UN climate head optimistic about new global agreement

14 May 2015

There is an increasing sense of optimism that we are actually going to get to a Paris agreement.

The head of the United Nations Framework Convention on Climate Change (UNFCCC) has used an address to ANU to express optimism about a new global agreement to fight climate change.

In a public lecture, Christiana Figueres, Executive Secretary of the UNFCCC, discussed progress on negotiations ahead of the global summit to be held in Paris later this year.

Ms Figueres said despite the challenges, she was increasingly optimistic that the 194 countries were serious about a global commitment to address climate change and carbon emissions.

"In the lead up to Paris, I am astonished that every day, there is another piece of good news," Ms Figueres said in her lecture, hosted by the Fenner School of Environment and Society. "I call it aligning the stars - every day, one more star gets aligned.

"There is an increasing sense of optimism that we are actually going to get to a Paris agreement."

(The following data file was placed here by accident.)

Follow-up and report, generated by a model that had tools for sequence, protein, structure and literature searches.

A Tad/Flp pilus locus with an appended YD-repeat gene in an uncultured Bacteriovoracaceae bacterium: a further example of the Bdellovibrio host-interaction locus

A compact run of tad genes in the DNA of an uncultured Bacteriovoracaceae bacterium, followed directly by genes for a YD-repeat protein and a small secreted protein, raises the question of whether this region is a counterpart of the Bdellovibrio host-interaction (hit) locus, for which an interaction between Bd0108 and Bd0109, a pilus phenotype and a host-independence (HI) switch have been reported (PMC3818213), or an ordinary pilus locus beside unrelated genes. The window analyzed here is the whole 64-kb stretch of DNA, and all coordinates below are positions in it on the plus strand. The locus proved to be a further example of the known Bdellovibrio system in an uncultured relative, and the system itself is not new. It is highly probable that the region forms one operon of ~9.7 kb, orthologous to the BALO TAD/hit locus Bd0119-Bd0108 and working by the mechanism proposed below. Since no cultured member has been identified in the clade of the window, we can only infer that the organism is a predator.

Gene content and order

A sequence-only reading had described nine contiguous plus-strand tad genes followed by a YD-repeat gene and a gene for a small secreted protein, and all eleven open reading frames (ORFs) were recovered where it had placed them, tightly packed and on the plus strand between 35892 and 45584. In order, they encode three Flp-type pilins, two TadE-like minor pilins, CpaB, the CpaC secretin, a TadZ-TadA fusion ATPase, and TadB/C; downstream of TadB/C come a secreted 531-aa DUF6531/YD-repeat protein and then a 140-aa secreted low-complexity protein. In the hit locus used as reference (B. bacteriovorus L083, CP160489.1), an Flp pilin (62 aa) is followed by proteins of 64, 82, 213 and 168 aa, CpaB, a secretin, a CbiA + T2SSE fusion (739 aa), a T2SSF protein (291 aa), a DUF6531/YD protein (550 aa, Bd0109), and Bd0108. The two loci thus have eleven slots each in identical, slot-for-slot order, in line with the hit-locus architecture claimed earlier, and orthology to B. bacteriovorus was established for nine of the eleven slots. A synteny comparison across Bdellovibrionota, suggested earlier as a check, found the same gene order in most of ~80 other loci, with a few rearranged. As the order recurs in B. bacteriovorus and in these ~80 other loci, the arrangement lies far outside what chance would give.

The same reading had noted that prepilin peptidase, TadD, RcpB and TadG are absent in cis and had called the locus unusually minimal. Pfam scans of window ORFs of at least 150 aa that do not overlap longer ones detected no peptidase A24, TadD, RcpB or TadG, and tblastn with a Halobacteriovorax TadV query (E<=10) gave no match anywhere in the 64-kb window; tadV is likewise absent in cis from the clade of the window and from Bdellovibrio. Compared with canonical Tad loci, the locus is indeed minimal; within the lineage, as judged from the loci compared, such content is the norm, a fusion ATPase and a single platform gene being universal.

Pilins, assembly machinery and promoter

The United Nations Climate Change Conference in Paris aims to achieve a new binding global agreement to address climate change from 2020.

Ms Figueres, who has been involved in climate change negotiations since 1995, was appointed Executive Secretary of the UNFCCC in 2010 following the 2009 UN Copenhagen conference on climate change.

She said the global mood on climate change had undergone a big change since the Copenhagen meeting of world leaders.

Unlike the Copenhagen meeting, Ms Figueres said countries have already accepted a draft negotiating text well ahead of the Paris conference.

"All countries are currently taking (this) very seriously and doing their homework to figure out where are the opportunities to reduce emissions at home," she said.

However, key challenges for the global agreement were yet to be resolved.

She said the challenges included how to make any agreement fair to all countries, how to make it legally binding, how to enforce any agreement and who bears the costs.

Audio of the public lecture is available at the Fenner School of Environment and Society website.